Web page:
The U.S. Department of Agriculture plans to shift farm export expansion efforts from a “one-size-fits-all” approach based on world geographic regions to strategies tailored to specific market needs.
“To expand trade globally I think we have to think differently about trade,” Agriculture Secretary Tom Vilsack told 4,300 corn, soybean, wheat, and sorghum growers at the 2010 Commodity Classic in Anaheim, Calif.
The new farm export direction runs parallel to President Obama’s National Export Initiative to coordinate federal efforts to rebuild the economy by expanding export opportunities.
While the secretary voiced continued support for free trade agreements and the ongoing Doha trade talks, he says more effort is needed.
“We have to realize that not every country we discuss trade with is in the same (trading) position,” Vilsack said.
The new USDA approach will include “different strategies for different markets” and short-term versus long-term market development. The strategies will differ for “fragile states” including Afghanistan which is building a more stable economy. USDA would push the “American brand” in small countries with more immediate market potential.
“We need to put resources into those countries that allow them to understand the significance and importance of the quality of the American brand regardless of the commodity we are trading,” Vilsack said.
Essential to U.S. farm export growth is countering positions by countries which “implicitly or explicitly” create barriers to American trade.
Vilsack says the U.S. must work harder to create the technical expertise to tear down barriers and build a distribution system to create a domestic incentive for trade with America.
“We continue to work with technical experience and expertise to break down sanitary and phytosanitary barriers being constructed in emerging, high-growth potential areas (including China).”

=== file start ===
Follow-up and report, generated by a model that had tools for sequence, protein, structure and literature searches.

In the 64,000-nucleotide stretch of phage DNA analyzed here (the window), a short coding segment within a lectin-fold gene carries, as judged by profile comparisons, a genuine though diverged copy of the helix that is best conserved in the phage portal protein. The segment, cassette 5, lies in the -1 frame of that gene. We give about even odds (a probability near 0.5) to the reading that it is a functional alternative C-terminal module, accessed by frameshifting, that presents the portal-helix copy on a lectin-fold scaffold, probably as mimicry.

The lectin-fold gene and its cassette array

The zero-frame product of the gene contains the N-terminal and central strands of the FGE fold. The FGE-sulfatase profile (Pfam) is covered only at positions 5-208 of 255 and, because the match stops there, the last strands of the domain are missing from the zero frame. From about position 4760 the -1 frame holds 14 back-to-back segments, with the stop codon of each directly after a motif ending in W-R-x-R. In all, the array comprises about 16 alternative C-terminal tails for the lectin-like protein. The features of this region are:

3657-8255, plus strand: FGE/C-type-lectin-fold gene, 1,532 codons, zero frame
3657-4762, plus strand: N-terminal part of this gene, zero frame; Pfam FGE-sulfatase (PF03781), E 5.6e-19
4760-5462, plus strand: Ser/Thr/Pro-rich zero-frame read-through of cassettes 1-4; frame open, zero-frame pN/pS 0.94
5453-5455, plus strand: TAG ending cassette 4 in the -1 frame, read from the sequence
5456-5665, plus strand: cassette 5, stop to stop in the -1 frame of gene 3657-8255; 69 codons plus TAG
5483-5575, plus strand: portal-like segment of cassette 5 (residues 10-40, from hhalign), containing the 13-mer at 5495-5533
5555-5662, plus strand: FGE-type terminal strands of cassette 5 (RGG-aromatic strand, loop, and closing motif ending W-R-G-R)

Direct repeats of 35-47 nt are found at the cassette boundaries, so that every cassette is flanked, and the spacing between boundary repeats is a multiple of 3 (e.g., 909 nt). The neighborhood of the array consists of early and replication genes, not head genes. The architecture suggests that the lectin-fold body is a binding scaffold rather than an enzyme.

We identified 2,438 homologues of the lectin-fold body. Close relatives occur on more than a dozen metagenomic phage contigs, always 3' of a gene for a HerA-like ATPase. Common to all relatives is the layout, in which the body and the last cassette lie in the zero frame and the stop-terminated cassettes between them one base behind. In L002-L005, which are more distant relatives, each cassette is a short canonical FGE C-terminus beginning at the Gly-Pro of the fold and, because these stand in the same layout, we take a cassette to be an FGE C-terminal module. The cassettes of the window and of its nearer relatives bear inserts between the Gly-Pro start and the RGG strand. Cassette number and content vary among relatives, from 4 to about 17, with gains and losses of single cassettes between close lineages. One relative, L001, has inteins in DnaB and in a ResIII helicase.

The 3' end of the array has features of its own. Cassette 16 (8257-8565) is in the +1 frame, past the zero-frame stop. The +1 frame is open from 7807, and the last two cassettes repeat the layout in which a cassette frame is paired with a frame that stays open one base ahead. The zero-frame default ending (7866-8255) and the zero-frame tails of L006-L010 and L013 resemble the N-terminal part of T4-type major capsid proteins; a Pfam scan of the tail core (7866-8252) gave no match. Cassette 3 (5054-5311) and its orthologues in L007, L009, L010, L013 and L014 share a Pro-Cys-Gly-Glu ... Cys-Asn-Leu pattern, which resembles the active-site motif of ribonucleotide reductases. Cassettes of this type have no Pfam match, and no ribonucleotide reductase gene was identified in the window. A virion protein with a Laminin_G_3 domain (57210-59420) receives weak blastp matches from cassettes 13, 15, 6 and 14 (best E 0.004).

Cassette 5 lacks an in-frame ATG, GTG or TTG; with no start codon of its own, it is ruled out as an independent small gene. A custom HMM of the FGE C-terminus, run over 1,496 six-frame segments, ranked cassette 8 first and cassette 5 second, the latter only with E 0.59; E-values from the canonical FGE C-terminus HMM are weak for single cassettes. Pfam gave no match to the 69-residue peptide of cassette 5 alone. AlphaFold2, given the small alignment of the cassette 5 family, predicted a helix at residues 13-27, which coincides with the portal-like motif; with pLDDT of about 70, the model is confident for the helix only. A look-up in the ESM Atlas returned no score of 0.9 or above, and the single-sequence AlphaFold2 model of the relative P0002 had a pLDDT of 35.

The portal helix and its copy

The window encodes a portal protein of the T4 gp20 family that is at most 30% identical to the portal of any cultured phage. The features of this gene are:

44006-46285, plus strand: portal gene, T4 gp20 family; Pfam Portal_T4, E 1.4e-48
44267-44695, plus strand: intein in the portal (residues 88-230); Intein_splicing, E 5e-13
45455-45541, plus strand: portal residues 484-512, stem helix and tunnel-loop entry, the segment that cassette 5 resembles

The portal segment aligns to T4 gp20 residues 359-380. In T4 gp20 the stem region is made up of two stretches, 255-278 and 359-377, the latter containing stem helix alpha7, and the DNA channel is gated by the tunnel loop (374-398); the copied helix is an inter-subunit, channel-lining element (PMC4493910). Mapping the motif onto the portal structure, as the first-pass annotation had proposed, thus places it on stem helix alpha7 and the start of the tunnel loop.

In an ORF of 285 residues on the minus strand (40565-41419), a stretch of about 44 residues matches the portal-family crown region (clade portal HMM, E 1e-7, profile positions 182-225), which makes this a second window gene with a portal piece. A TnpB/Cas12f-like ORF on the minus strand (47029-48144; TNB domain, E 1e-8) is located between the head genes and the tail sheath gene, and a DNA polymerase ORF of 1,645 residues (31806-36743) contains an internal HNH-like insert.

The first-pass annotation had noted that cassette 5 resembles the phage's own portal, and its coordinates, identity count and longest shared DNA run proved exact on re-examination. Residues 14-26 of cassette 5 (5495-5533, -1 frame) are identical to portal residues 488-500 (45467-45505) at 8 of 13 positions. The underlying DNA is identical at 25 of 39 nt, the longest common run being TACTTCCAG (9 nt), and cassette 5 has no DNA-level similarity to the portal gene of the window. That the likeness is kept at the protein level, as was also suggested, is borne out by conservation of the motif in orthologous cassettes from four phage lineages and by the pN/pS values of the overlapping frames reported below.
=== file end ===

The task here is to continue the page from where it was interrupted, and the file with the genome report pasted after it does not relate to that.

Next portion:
Obama has a goal to double U.S. trade opportunities over the next five years. While the secretary called the aspiration a “tall task,” he says U.S. agricultural trade has grown from about $50 billion a decade ago to about $100 billion today, the second highest amount on record.
Vilsack also thanked U.S. farmers and ranchers for their service. He noted these rural advancements: Producers grow 108 billion pounds of protein annually; American agriculture generates one out of every 12 jobs; and less than 10 percent of a U.S. family’s annual disposable income on average is spent on food.
“I believe rural America is the heart and the soul and the guts of America,” Vilsack said. He equated farmers and ranchers to gold medal Olympians.
“You would think there would be gold medals for all of you; that we would have ticker-tape parades for farmers,” he said. “You’d think there would be a Hall of Fame for the 2.2 million of you that produce our food, fiber, fuel and feed.”
The USDA chief expressed concern over the aging American farm and ranch population, noting a 30 percent increase in farmers over the age of 75 and a 20 percent decrease in farmers under age 25.
One solution for expanding agriculture to feed the growing world population, he says, is the expansion and better acceptance of biotechnology.
“The reality in the world today is the population continues to grow and the amount of land available to raise food, fiber, and fuel continues to shrink as communities expand and develop around the world,” he said.
“We have to use science in a significant and important way to increase productivity. Biotechnology has that opportunity.”
To see a video of Vilsack’s visit to Commodity Classic click here.
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